July 24 (Reuters) - JPMorgan Chase & Co has agreed to pay
$100 million to settle litigation by credit card customers who
accused the largest U.S. bank of improperly boosting their
minimum payments as a means to generate higher fees.
The class action settlement resolves a three-year-old case
stemming from Chase's decision in late 2008 and 2009 to boost
minimum monthly payments for thousands of cardholders to 5
percent of account balances from 2 percent.
It comes as JPMorgan, like many of its main rivals,
addresses a wide range of litigation over its banking practices,
such as whether it conspired to overcharge retailers on card
transactions, or manipulated benchmark interest rates.
Cardholders claimed that JPMorgan had induced them to
transfer balances from other lenders to Chase card accounts,
where the bank would consolidate their debt into loans with
"fixed" interest rates until balances were paid off.
But according to the cardholders, JPMorgan boosted minimum
payments to force them to either accept higher rates to preserve
the lower payment requirement, or to make more late payments,
which would trigger more fees or a 29.99 percent penalty
interest rate. JPMorgan was also accused of closing
In a Monday filing with the federal court in San Francisco,
lawyers for the cardholders said the $100 million is 45 percent
of the $220 million in up-front transaction fees that their
clients paid for the promotional loans.
They called the settlement an "excellent result" for
cardholders, who would recover "a substantial portion of the
transaction fees they paid."
Legal fees would not exceed 27 percent of the settlement
fund, the filing said.
JPMorgan spokesman Paul Hartwick declined to comment. The
bank had argued that the changes in loan terms was a sensible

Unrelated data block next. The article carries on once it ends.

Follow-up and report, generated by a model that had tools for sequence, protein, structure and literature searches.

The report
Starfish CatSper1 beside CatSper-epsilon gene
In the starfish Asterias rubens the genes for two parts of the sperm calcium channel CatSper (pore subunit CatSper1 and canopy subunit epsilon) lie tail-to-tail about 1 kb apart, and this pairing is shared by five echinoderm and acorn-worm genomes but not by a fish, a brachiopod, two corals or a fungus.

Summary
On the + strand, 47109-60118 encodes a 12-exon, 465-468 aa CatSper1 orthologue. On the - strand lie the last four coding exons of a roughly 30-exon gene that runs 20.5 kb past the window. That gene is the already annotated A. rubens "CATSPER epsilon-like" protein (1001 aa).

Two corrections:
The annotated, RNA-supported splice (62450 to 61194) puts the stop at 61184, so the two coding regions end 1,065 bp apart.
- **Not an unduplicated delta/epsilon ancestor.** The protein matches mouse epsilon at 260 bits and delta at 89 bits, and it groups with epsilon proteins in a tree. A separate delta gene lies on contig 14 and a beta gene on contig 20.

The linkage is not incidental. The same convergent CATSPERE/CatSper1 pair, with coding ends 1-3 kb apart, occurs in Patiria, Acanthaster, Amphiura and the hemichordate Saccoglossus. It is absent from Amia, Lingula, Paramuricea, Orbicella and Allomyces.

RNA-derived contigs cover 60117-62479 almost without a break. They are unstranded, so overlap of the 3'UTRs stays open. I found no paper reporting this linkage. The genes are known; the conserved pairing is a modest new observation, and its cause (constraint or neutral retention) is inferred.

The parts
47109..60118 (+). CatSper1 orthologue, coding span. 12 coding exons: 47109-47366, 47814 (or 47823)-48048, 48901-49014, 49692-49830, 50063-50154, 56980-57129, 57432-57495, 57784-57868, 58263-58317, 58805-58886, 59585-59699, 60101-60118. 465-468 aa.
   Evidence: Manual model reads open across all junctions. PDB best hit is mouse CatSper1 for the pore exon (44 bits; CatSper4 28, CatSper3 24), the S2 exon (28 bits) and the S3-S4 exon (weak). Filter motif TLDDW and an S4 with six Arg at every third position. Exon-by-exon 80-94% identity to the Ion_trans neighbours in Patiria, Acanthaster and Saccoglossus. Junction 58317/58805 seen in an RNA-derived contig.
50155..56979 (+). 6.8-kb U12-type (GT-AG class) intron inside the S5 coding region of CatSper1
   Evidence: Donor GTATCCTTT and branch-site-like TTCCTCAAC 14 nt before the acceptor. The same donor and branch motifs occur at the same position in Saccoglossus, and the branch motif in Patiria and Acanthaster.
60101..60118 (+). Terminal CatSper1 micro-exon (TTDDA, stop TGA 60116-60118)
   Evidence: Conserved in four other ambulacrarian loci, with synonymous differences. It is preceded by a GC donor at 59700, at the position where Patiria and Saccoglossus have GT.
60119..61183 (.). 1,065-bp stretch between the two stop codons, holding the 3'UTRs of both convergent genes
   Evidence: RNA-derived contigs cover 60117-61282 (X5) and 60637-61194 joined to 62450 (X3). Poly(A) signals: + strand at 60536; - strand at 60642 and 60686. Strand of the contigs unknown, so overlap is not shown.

means to reduce risk amid uncertain economic conditions.
Based in New York, JPMorgan is among the lenders that on
July 13 agreed, along with Visa Inc and MasterCard Inc, to pay
$6 billion to settle retailers' claims that they engaged in
anticompetitive practices to fix fees for processing credit and
debit card payments.
Regulators are also examining whether JPMorgan and more than
one dozen rivals have tried to rig the London interbank offered
rate, known as Libor, and other key rates underpinning hundreds
of trillions of dollars in assets.
The credit card settlement requires approval by U.S.
District Judge Maxine Chesney. A hearing to consider preliminary
approval is scheduled for Aug. 3.
In midday trading, JPMorgan shares were down 10 cents at
$34.34 on the New York Stock Exchange.
The case is In re: Chase Bank USA NA "Check Loan" Contract
Litigation, U.S. District Court, Northern District of
California, No. 09-md-02032.
For Chase Bank: Alexandria Kacjadoorian, David Moon, Julia
Strickland, Stephen Newman and Joseph Escarez of Stroock Stroock
(Reporting by Jonathan Stempel)
Follow us on Twitter @ReutersLegal | Like us on Facebook